Lawyer and community relations practitioner, Oladunni Afolabi, tells TOFARATI IGE about her plans to build monuments in honour of the victims of the Dana plane crash

What can you recall of your childhood?

I was born in Agege, Lagos, and I am the third of five children; four girls and a boy. I attended Ifako International Nursery, Primary and Secondary School in Iju, Lagos. My mother doted on me a lot while growing up because my father wasn’t usually around. For my tertiary education, I attended the University of Lagos, and I graduated with a degree in law. I was called to the bar in 2004. After that, I observed the National Youth Service Corps in Yola, Adamawa State, and I regard that as one of the best experiences of my life.

Why did you choose to study law?

When a child is witty and argumentative, people often say that such a child should become a lawyer. That’s what happened in my case. Personally, I was torn between mass communication and law. While studying law, the courses I enjoyed most were the ones about corporate social responsibility and human rights. I have always been drawn towards helping people. I remember that when I was in secondary school, there was a student that had Down syndrome in my class; she was a bit slower than other students. While everybody else acted funnily towards her, I always tried to help her.

Can you recall your first experience in court as a lawyer?

My first court experience was in Adamawa State. I was supposed to defend a teacher who raped a little girl. I felt I should have been defending the little child, but it was the man who came to us. The girl was defended by the state. As a lawyer, one is not supposed to be biased but because of my interest in social justice and vulnerability, most of the questions I asked the man were aimed at indicting him. Anyway, I did all I could but the man eventually went to jail. However, he was supposed to get a longer sentence but we helped to have it reduced.

Don’t you think it would have been better if you had washed your hands of that case?

Absolutely, that would have been the best thing to do. But the law is an ass; even if a person is caught committing a crime, he is presumed innocent until convicted by a law court. I handled that case during my national youth service, but at this stage, I cannot accept any case that is against my principles and values.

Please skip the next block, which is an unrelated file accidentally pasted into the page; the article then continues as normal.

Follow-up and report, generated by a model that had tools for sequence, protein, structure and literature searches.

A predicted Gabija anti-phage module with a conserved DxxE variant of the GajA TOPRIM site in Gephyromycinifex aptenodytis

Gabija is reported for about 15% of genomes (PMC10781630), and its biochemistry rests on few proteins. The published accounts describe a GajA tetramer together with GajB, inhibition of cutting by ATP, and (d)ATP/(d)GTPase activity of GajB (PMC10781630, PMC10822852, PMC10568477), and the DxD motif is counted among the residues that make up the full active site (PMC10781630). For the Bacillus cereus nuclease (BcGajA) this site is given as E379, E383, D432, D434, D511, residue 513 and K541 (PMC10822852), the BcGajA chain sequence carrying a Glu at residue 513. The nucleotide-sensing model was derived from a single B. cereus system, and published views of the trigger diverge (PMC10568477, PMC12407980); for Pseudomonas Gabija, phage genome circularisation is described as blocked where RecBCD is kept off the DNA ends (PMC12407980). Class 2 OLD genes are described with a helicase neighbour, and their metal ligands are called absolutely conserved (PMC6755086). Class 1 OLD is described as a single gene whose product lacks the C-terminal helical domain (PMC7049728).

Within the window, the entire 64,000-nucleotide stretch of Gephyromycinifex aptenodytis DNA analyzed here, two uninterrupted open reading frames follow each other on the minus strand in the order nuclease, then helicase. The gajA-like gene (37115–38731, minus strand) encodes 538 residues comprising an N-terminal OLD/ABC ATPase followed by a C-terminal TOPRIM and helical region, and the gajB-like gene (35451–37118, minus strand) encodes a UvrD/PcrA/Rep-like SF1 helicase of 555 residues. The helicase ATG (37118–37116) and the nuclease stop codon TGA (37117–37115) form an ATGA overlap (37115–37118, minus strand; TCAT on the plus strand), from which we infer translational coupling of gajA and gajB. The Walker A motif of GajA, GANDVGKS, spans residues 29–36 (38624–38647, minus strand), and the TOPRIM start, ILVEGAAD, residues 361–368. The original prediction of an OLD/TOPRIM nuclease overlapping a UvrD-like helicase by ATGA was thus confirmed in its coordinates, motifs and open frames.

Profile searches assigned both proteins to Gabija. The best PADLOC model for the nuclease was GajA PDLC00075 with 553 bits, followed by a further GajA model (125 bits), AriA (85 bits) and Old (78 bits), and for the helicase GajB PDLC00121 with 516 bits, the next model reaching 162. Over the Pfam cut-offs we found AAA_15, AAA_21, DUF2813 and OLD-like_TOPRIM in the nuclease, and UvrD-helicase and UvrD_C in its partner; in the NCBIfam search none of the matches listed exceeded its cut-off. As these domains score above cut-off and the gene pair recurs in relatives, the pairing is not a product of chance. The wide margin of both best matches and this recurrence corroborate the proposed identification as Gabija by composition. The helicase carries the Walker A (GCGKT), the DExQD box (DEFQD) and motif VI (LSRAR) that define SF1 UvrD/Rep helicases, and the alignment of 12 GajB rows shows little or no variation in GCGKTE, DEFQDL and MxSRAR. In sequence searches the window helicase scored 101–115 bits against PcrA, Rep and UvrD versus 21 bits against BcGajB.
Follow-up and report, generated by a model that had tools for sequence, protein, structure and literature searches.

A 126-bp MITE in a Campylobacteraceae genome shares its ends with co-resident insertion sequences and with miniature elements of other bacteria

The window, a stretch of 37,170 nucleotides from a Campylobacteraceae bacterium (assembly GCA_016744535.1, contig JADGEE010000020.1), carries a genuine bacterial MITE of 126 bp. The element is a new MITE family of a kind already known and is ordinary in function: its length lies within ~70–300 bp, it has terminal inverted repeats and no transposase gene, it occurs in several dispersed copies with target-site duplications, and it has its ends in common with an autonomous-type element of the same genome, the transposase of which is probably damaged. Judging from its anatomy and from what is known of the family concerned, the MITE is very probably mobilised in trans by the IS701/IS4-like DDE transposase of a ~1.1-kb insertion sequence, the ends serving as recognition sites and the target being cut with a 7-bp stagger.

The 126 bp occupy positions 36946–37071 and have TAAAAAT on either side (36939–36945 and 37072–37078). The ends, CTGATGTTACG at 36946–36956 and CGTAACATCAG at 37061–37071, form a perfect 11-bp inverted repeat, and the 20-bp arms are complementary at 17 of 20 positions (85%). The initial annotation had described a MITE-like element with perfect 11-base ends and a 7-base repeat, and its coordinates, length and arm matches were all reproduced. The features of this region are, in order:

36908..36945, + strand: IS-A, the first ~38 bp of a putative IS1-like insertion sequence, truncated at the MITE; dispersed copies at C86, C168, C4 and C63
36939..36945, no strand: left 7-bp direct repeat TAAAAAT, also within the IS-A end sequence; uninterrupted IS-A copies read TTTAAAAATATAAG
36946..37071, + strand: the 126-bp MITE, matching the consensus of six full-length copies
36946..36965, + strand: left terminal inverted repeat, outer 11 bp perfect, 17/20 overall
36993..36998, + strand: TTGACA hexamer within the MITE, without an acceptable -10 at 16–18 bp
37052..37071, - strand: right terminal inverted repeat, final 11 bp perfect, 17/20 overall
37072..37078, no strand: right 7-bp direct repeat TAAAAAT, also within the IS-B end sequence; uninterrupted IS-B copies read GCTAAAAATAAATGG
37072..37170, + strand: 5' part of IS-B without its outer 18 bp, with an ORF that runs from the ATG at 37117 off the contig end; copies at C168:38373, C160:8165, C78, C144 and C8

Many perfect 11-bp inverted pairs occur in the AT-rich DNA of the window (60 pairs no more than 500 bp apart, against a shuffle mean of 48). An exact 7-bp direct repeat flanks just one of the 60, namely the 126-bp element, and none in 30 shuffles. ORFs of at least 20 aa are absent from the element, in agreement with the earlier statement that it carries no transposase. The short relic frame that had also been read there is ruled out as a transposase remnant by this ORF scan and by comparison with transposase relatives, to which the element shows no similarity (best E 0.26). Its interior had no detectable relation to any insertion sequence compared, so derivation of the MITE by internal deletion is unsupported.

Do you still practise law?

Not anymore. The last time I went to court was over a decade ago. I’m more into advocacy now. I would rather write about legal issues.

You’re working on a project that aims to immortalise victims of the Dana airplane crash of 2012. How exactly do you intend to do that?

The project is tagged, Victims of Dana Air Crash Memorial Project: raising a generation of aviation experts. A lot of lives were lost in that disaster and I think we need to continually tell the story; not for tragedy but for development and solutions to aviation problems in Nigeria. I also feel monuments like this would bring succour to the family members of the victims. The project is in several stages but the first part involves rehabilitating the public schools in Iju community, and building monuments in honour of the victims.

Were any of your friends or relatives involved in the Dana crash?

I didn’t know any of the victims directly. However, there was a lady involved in the crash who had worked in a company I also worked. My brother also narrowly missed that ill-fated flight. Lastly, the crash happened in the area where I live. I saw first-hand how the accident happened.

What do families of the victims stand to benefit from this project?

It will serve as a form of closure for them. After the World Trade Centre in New York was attacked, the monument built did not bring the victims back but it serves as a form of remembrance till date. Monuments remind you of events, and they ensure that you don’t forget the lessons learnt.

What do you hope to achieve with this project?

My ultimate goal is to see that schools in Iju are rebuilt as a public affairs project in honour of the victims of the Dana plane crash. I want it to be that as a result of this project, the Iju community has a different story beyond tragedy. I also hope that this project would inspire students to pursue careers in aviation. It is important to build a human resource base so that we can develop a deliberate competent strategy to solve aviation problems in Nigeria. To build such a base, there must be excellent education. And that is what informed the decision to focus on the rebuilding of schools as the first phase of the project. I believe that when families of the victims see what has been done in their honour, they would have reasons to smile. Another part of the project is a memorial wall, which would have the names, pictures and profiles of all the victims.

How do you relax?

I have not unwound in the past two years. However, whenever I want to relax, I read books.

Are you a fashionable person?

I am a very formal person and I’m not so big on fashion. Whatever I wear, I like to be covered up. I believe you can be fashionable without exposing flesh. I used to like heels a lot but I tend to wear a lot of loafers now. For my hairdo, I usually carry braids.

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